Academic Work

This portion of the site is devoted to chronicling the more interesting of my academic pursuits. Check out the descriptions of the papers below and grab PDF files to browse or read to the contentment of your inner literary nerd.

Robot Conciousness in Asimov’s Prelude to Foundation

  • I wrote this in my first semester at college for a class on consciousness. My intellectual obsession with machine intelligence eventually led me to embrace atheistic materialism. Not my best work, but the concept of applying the Turing Test a fictional character is pretty interesting.

A Look at Open Source Software

  • A final paper from Spring ’06 (the date in the .pdf is from the re-compiled version that I posted today). The goal of the class was to examine our concepts of knowledge and information throughout history. I wrote on open source as a new way of categorizing and sharing information.

The Ethics of Brotherhood in Gisli Sursson’s Saga

  • A look at kinship in one of my favorite of the Icelandic outlaw sagas. Written for a class on Icelandic Sagas from Fall ’06.

Gisli and Gunnar: Outlaw Heroes

  • Comparing Gisli (of his eponymous saga) with Gunnar Hamundarson of Njal’s Saga, also from Fall ’06.

Skarp-Hedin and the Relationship Between Father and Son in Njal’s Saga

  • Examining a core relationship in Njal’s Saga. My final paper for the Icelandic Saga class.

Bone: Jeff Smith’s Cartoon Epic

  • Final paper from a course about North American comics from Spring ’07.

A Survey of Architecture in Comics

  • A journaling project from an architecture course that I took in Fall ’07. Unfortunately no images in this version of the document.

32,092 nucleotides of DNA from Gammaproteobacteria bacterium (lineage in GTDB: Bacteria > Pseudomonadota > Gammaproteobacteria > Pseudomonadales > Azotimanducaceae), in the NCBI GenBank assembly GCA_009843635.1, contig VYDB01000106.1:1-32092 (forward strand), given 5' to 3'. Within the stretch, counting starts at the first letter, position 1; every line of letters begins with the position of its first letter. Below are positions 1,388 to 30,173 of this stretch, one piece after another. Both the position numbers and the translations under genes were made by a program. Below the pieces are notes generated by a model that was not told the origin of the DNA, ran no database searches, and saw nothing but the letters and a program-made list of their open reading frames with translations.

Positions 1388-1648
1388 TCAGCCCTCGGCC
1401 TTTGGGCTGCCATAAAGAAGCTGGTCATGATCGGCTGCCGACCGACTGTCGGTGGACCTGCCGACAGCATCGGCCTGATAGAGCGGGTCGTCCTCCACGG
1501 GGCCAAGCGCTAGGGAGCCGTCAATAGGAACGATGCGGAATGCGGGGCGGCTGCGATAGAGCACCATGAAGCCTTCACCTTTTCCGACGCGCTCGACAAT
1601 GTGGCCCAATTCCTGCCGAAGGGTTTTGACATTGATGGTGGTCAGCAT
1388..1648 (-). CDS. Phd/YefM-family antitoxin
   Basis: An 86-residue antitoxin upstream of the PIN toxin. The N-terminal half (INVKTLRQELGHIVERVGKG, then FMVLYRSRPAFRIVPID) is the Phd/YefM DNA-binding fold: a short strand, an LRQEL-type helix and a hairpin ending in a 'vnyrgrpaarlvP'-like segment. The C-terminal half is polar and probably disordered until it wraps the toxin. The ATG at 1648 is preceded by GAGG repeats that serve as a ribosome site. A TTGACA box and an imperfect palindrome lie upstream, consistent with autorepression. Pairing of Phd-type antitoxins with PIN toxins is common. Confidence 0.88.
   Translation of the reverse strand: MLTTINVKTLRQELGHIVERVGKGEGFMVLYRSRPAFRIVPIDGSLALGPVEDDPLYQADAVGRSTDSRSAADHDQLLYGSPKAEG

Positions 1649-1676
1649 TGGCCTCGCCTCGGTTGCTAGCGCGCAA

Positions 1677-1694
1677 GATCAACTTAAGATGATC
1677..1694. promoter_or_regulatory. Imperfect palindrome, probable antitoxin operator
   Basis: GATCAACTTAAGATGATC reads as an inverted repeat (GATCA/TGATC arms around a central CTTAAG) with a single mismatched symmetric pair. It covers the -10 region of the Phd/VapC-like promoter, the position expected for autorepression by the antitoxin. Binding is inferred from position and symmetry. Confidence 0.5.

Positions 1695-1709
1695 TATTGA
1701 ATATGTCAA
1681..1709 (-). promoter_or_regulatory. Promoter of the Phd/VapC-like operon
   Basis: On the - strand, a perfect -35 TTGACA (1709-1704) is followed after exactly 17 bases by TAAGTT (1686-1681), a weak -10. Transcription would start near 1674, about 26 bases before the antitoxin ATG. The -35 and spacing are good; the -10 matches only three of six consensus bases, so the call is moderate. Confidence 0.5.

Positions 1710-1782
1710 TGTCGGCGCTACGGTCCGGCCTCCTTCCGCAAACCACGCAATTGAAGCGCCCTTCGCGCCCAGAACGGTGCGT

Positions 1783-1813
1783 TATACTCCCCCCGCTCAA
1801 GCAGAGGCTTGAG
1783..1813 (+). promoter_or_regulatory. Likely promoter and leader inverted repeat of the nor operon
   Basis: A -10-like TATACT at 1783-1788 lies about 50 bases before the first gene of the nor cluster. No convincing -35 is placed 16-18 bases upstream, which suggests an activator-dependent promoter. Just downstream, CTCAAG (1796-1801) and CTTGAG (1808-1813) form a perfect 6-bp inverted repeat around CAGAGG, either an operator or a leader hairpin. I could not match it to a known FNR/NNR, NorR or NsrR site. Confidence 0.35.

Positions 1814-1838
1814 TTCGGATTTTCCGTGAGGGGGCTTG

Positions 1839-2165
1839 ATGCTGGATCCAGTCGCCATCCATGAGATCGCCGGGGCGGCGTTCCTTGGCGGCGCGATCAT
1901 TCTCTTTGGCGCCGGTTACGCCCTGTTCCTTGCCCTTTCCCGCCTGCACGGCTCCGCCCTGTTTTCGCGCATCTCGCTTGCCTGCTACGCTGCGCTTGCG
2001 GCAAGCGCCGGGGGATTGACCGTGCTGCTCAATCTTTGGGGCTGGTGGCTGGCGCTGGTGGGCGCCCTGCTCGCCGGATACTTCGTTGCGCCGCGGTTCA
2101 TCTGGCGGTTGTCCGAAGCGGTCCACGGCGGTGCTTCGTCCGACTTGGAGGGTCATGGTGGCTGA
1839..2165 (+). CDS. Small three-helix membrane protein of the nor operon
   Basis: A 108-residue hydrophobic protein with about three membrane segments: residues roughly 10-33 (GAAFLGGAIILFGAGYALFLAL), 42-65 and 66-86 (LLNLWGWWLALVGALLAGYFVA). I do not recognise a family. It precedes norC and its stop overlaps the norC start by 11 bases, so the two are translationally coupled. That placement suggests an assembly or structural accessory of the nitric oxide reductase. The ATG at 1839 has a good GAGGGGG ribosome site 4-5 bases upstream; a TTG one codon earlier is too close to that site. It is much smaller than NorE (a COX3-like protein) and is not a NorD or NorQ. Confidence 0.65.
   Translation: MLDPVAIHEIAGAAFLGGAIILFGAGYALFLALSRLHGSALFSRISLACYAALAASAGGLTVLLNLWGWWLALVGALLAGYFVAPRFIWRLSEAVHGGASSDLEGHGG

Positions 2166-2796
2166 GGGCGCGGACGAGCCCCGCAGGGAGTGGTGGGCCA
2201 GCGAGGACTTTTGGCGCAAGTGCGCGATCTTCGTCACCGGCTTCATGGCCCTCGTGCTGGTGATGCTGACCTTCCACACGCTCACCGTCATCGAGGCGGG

Beowulf and Grettir: Comparison and Coincidence

  • My final paper for a seminar on Beowulf in Fall ’07. This paper looks at possible connections between the title character of the Anglo-Saxon poem and Grettir Asmundarson of the Icelandic Grettir’s Saga.

Excerpt from Doom of the Gods

  • My own translation from the Old Norse Prose Edda. The excerpt discusses Ragnarok, the end of the Norse world. A final project for a course in Old Norse that I took in Fall ’07.

Current Independent Study

In addition to these completed papers, I am currently working on an independent study to explore the legacy of bear shamanism in medieval Germanic literature. The proposal that I submitted for the study is below:

German scholar Friedrich Panzer caused a stir in 1910 when he published a paper linking the Old English poem Beowulf and the Icelandic Grettis saga with a very old folktale motif, which he called the “The Bear’s Son Tale.” The motif features a hero with some sort of bear ancestry going on adventures, killing demons, rescuing princesses, collecting large stores of treasure, and enacting revenge on traitorous companions. There are several characters in Old English and Norse literature who possess explicitly ursine attributes and whose stories have been cited by scholars over the years to fit this “Bear’s Son” motif. This independent study will attempt a comprehensive investigation of the scholarship on bear-themed folktales and their connection to Germanic literature in the Middle Ages, while looking at the roots of such folktales in early shamanistic religions of the far North. The semester-long study will culminate in an original academic paper around twenty pages in length.

I will post notes and ongoing thoughts as I pursuing this interesting subject. The final paper may appear here as well.

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